Friday, November 8, 2019

The Current War Doesn't Shock But It Does Alright Nonetheless

We take electricity for granted nowadays since it's used to power everything, including the computer I'm typing this review up on! But there was a time just a bit over a century ago where electricity was a new concept and a few men were in control of its future. Two of these men, Thomas Edison (Benedict Cumberbatch) and George Westinghouse (Michael Shannon), are the central focus of The Current War, which chronicles their multi-year feud over who gets to go down in history as the person that lit up America. Edison's the one with the brains but also the one who can't seem to interact with a person without starting up a fight whereas Westinghouse is the soft-spoken man with a head for business but not much in the way of a head for science.

Their conflict, which eventually involves an immigrant with great aspirations by the name of Nikola Tesla (Nicholas Hoult), plays out in a mighty messy fashion throughout The Current War, there’s no getting around it. The final cut, apparently heavily re-edited from the version that first premiered two years ago, suffers primarily from being overstuffed. What we have her is a classic example of a two-hour movie being crammed into a ninety-minute movie, resulting in something that frequently feels cramped. There’s a heavy reliance on voice-over work to communicate character details we’d be better off actually seeing, a few too many supporting characters (namely Nikola Tesla and any women in the story) get shoved to the side and there’s at least four different endings that suggest indecisiveness over how to wrap this puppy up. 

Despite throwing so much at the audience in just the space of ninety-seven minutes, it's a disappointment how little of it really registers as substantive. Issues related to these overstuffed tendencies end up ensuring that The Current War isn’t able to fully work as the thoughtful character-driven period piece it wants to be. Those coming in here to see fully rendered human portraits of historical figures will leave underwhelmed. However, as just a high-voltage (no pun intended) period piece melodrama showcase for a talented group of actors, The Current War left me satisfied more often than not. This particular group of rich white people sniping at each other never becomes as good as, say, an episode of Succession (even though it has one of the show’s cast members!) but they do manage to create some passable entertainment nonetheless.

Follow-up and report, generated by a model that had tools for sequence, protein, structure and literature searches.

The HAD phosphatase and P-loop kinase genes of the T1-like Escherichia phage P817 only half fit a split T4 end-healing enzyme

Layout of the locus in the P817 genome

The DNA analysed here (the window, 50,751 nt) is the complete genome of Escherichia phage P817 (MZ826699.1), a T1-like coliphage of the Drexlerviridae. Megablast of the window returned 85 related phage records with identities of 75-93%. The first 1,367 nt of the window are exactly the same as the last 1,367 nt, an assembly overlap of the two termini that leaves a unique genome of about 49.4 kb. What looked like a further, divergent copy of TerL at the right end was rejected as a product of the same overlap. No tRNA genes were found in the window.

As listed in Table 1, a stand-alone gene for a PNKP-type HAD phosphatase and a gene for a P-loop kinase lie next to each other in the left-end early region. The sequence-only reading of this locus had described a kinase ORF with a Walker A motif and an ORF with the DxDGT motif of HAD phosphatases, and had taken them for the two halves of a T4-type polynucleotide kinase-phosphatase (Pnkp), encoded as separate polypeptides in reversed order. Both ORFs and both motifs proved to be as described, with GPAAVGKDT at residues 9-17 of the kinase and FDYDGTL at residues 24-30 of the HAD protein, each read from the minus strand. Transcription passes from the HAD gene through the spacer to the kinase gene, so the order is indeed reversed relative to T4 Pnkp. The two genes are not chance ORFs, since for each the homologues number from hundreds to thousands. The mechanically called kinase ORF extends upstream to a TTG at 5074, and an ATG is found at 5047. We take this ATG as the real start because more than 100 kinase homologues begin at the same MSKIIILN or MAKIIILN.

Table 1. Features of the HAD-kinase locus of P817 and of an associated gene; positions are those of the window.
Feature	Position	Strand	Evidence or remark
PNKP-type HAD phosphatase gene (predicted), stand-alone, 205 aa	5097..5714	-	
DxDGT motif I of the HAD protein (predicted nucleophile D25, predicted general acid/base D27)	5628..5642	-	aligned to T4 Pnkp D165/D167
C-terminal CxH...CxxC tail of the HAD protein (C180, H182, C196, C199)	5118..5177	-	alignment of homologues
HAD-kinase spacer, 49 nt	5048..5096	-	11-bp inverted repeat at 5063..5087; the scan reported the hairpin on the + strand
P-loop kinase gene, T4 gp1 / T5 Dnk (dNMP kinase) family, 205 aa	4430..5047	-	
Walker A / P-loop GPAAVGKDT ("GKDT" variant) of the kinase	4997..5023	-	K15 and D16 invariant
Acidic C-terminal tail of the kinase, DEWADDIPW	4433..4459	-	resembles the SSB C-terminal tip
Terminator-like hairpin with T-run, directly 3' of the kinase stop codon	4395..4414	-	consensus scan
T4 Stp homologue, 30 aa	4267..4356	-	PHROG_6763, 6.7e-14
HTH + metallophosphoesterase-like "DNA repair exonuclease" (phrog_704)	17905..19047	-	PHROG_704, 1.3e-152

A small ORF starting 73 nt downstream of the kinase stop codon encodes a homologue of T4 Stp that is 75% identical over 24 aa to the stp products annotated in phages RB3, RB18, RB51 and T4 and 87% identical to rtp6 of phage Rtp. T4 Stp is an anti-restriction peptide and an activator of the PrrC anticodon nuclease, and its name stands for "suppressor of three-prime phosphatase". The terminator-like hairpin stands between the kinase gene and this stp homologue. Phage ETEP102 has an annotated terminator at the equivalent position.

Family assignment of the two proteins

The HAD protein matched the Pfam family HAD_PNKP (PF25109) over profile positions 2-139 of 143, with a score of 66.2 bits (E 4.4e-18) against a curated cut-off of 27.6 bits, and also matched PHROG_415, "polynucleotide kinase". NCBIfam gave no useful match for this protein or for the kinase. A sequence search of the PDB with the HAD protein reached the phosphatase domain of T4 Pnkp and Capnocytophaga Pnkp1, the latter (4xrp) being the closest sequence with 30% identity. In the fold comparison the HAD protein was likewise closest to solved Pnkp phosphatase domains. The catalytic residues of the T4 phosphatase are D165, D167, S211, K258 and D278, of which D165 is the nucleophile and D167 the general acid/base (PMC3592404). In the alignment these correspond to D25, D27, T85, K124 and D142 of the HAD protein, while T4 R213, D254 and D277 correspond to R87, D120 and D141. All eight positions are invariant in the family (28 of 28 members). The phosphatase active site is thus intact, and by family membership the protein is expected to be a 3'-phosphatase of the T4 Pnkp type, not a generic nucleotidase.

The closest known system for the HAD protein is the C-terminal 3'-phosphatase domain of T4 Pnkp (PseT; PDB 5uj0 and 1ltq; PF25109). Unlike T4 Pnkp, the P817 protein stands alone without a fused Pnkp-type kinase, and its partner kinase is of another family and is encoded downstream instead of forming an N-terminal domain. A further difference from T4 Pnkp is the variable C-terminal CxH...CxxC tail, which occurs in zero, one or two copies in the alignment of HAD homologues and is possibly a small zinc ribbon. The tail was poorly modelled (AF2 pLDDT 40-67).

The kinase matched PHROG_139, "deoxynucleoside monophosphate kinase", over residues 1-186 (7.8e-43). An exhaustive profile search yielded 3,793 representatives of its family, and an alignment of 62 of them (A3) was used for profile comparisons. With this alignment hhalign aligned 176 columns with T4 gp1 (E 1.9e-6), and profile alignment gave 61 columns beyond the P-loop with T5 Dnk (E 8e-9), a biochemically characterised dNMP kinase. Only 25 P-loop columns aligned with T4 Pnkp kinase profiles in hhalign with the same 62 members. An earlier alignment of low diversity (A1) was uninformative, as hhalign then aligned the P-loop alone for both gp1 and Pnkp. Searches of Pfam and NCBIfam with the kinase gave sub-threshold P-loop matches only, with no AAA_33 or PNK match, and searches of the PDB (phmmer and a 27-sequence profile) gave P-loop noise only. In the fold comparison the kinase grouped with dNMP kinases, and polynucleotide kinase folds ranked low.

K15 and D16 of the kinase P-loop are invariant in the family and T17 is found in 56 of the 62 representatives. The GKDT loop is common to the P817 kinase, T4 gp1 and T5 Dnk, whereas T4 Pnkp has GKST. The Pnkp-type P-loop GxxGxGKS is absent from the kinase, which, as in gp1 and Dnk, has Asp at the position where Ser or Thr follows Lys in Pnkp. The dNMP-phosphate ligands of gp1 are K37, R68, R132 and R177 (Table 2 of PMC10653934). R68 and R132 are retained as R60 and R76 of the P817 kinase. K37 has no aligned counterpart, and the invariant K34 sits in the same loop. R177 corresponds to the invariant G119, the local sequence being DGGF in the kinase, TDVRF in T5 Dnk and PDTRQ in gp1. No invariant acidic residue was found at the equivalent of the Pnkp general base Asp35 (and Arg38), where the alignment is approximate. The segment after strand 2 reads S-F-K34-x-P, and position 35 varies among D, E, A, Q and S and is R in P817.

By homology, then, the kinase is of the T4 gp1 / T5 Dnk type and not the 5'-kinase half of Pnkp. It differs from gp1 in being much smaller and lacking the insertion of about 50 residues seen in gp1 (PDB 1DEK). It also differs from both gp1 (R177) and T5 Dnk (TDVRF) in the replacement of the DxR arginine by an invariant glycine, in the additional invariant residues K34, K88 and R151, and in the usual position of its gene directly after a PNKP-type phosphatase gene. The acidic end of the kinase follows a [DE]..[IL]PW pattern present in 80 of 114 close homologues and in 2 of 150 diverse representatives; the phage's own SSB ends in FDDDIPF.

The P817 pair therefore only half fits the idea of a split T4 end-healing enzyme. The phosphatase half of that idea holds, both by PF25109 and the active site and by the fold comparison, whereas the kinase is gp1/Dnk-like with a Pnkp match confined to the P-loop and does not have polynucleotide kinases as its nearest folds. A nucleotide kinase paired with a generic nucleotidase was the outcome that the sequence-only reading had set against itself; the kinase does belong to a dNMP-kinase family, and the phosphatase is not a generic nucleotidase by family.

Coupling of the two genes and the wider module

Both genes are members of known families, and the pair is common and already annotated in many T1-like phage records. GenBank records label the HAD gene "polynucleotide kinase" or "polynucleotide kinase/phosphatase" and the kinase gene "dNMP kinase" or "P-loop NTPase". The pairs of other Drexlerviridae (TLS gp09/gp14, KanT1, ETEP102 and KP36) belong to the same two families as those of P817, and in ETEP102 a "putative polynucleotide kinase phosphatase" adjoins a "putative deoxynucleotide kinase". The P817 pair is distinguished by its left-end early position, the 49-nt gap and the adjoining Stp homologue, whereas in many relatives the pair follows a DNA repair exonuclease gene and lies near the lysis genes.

Just as the rapid-fire pacing keeps the characters thinly defined, it does at least keep the movie moving at a decent clip that ensures one is rarely bored during the proceedings. The Current War's speedy nature taketh away, but it does also giveth in the form of making sure the proceedings never become tedious. A lot of that component entertainment is owed to the actors, who imbue as much personality as they can into a number of underwritten parts, particularly the female members of the cast. In a nice twist on expectations, Michael Shannon gets to play a more restrained individual for once in the role of George Westinghouse and it's a part that allows him to show off his undervalued range as a performer. 

Supporting players like Tom Holland and Katherine Waterston don't get much in the way of human beings to inhabit but at least they capture your attention whenever they're on-screen. The biggest surprise in the cast is actually Benedict Cumberbatch as Thomas Edison. This is a piece of casting that seemingly sets up Cumberbatch to play his newest socially awkward asshole genius whose actually aswell fella. However, Edison goes in a refreshingly different direction. In fact, he ends up being the most interesting character in The Current War, a morally complex inventor tormented by loss and committed to destroying competition out of instinct rather than any actual malice.

Cumberbatch does commendable work realizing The Current War’s complex vision of Thomas Edison and in the process actually allows the character to stand out from his other similar intellectual roles. The actors are all working under the direction of Alfonso Gomez-Rejon, an actor who has a good hand with actors and an admirable commitment to bold camerawork. Unfortunately, his camerawork choices frequently feel too pronounced, they have a bad habit of exclusively calling attention to themselves rather than enhancing what’s happening on-screen. Still, Gomez-Rejon does show enough imagination behind the camera on The Current War to carry the project across the “decent” line.

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